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Complex Interactions Define Next Wave of Latin America IT Services

Complex Interactions Define Next Wave of Latin America IT Services
Raul Rivera, Chairman, Foro Innovacion

By Dan Berthiaume

While Latin America has always existed as the southern neighbor of the US, according to Raul Rivera, Founding Chairman of Chilean innovation consulting firm Foro Innovacion, it has only been in recent years that the US has discovered the region’s potential as a provider of IT services.“The US discovered Latin America exists in the last ten years and is capitalizing on it,” said Rivera. “Latin America offers incredible advantages (in providing IT services) over other options such as Russia as the product becomes more complex and sophisticated.”

Interactions Become More Complex

Rivera said the requirements of initial Latin American IT services contracts were well-specified, functional specifications. A provider used to work on a project for three months straight and then turn it in to the client. “This is still happening,” he said, “but US companies and Latin American IT service providers are having more complex interactions and developing processes with fractional spec changes. Doing that at 4:00 a.m. is cumbersome.”

According to Rivera, Latin America has an advantage serving the US in two realms: time zone alignment (which helps with more value-added and complex projects), and a willingness to help smaller companies with smaller projects. “Many companies in the US are not doing huge offshore projects and don’t receive top priority from big IT service providers in other regions,” he observed.

Latin America Relevance

Latin America generates more than $12 billion in annual global IT service business, led by Argentina, Brazil and Mexico which produce close to that number when combined, Rivera estimates.

“The region is becoming a relevant IT services player,” he said. “Indian IT services companies are taking positions in Latin America. For example, (multinational IT services provider) Evalueserve started in India ten years ago and then went global, focused on offshoring high-level processes for financial services companies such as financial analysis, trend analysis and trend modeling. They now have a service center in Chile with more than 200 people from all over world working there.”

The Importance of Segmentation

Rivera cautions that companies looking to outsource IT functions to Latin American providers need to segment those functions to specific offshore locations. “If you try to do the wrong things in the wrong place, it will not be competitive,” he said. “For example, if you put a call center in a big city like Santiago or Buenos Aires, it will be very expensive. Putting a call center in a secondary city brings your costs down by 30%. The labor conditions are far more attractive. Companies not doing segmentation right are disappointed with the costs and advantages of Latin American IT outsourcing.”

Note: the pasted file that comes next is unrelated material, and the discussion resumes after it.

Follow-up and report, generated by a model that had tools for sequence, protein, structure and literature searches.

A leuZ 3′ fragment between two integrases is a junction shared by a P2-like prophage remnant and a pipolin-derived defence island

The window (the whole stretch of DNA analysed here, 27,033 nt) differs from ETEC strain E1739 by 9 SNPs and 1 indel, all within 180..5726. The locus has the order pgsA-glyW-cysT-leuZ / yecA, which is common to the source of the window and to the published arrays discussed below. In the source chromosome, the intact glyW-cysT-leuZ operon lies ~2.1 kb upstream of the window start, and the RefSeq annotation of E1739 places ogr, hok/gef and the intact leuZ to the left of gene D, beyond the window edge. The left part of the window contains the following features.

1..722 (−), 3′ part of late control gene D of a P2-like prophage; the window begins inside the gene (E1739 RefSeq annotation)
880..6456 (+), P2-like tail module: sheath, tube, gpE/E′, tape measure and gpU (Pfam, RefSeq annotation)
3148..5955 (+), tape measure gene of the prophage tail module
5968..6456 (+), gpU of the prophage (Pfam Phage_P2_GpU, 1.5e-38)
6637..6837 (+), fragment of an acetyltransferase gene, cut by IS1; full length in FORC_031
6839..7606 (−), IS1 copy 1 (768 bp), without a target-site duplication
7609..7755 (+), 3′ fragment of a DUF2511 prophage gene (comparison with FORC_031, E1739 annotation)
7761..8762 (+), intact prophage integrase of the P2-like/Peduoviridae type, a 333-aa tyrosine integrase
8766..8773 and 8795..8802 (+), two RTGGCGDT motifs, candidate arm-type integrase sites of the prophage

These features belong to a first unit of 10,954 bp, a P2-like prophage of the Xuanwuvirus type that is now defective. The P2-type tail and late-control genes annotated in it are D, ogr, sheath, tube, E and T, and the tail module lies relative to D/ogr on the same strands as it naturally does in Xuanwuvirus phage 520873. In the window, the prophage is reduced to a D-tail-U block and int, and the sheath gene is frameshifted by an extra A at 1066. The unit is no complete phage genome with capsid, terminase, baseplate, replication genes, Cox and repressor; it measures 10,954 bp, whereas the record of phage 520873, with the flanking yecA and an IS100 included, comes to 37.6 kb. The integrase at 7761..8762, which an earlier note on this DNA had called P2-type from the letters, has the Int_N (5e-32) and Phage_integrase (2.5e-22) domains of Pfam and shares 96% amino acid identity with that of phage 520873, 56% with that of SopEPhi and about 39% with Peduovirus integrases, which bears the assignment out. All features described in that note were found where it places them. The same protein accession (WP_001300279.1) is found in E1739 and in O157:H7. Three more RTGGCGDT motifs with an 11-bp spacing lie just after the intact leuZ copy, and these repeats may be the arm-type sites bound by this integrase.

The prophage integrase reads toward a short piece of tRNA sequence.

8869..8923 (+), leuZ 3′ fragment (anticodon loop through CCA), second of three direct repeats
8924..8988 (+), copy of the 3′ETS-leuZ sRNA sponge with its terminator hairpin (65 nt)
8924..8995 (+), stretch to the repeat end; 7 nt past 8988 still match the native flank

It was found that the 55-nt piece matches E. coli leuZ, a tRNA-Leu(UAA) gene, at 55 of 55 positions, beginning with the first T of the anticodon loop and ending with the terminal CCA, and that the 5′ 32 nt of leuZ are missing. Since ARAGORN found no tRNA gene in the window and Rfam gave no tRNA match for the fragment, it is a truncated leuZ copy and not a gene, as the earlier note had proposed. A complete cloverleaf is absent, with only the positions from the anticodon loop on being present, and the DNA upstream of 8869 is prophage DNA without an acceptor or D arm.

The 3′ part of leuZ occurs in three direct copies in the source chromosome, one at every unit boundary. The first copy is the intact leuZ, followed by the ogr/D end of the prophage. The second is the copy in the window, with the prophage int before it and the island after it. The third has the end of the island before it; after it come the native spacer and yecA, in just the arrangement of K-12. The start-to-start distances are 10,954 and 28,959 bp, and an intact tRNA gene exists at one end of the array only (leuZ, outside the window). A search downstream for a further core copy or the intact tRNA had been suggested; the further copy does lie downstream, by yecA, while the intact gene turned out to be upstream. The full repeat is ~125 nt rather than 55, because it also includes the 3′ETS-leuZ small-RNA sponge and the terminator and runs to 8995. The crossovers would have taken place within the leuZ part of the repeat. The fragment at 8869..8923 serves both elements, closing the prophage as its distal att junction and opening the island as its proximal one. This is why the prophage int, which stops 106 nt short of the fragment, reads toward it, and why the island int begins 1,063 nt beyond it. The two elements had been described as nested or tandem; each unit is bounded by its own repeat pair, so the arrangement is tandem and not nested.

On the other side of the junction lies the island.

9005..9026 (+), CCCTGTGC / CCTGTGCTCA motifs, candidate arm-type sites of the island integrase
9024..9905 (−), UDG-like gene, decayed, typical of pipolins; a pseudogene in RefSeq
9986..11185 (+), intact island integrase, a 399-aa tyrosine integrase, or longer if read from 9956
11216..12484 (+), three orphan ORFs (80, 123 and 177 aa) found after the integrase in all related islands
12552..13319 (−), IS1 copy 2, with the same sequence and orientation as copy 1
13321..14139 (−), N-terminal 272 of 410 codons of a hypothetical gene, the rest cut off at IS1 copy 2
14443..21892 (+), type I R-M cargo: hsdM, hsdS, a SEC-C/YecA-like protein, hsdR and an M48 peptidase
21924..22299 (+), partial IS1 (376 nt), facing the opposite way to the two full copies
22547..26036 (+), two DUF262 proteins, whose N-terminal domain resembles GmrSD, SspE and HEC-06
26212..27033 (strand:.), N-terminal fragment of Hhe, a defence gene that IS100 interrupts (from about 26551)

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Latin America – Not Just for Call Centers Anymore

Rivera makes it clear that Latin America has moved well beyond its traditional role as a hub of managed call center services. “People say providing call center services is just for poorer countries where people speak English, and that would appear perfect for Latin America,” he said. “However, I disagree.”

While Latin American countries have an average low cost of labor and generally have good English fluency, the overall picture is distorted by averaging extreme highs and lows. Most Latin American countries are made-up of sophisticated capital cities with high labor costs, and backward secondary urban markets that range from 200,000 to one million people, where there is not a lot happening. “People have been migrating to the capitals for decades and are not looking to take pay cuts to stay home,” he said.

Commodity Prices Will Not Crush IT Services Market

Rivera also poked a hole into the conventional wisdom that the global economic crisis will hurt Latin America as prices for commodities like minerals tumble and throw the region into the kind of turmoil it has seen before because Latin American countries have been generally managing their economies like the US and Europe used to by doing the things that make countries powerful.

Rivera cited Chile as an example of a thriving Latin American economy which is an international creditor with low inflation and Social Security payments only totaling 6% of GDP. “The US and Europe behave like we used to, and the results are predictable,” he noted. “Government debt is out of control, foreign debt is an issue. However, the US will hold on pretty good.”

And even if local currency devalues as a result of the global crisis, Rivera said there is a “silver lining” in the economic cloud. “It will be quite a while before the US or European labor market adjusts to become competitive to the Latin American labor market,” he said. “No matter how hard the US is hit, Latin America will still be cost efficient.”

 

 

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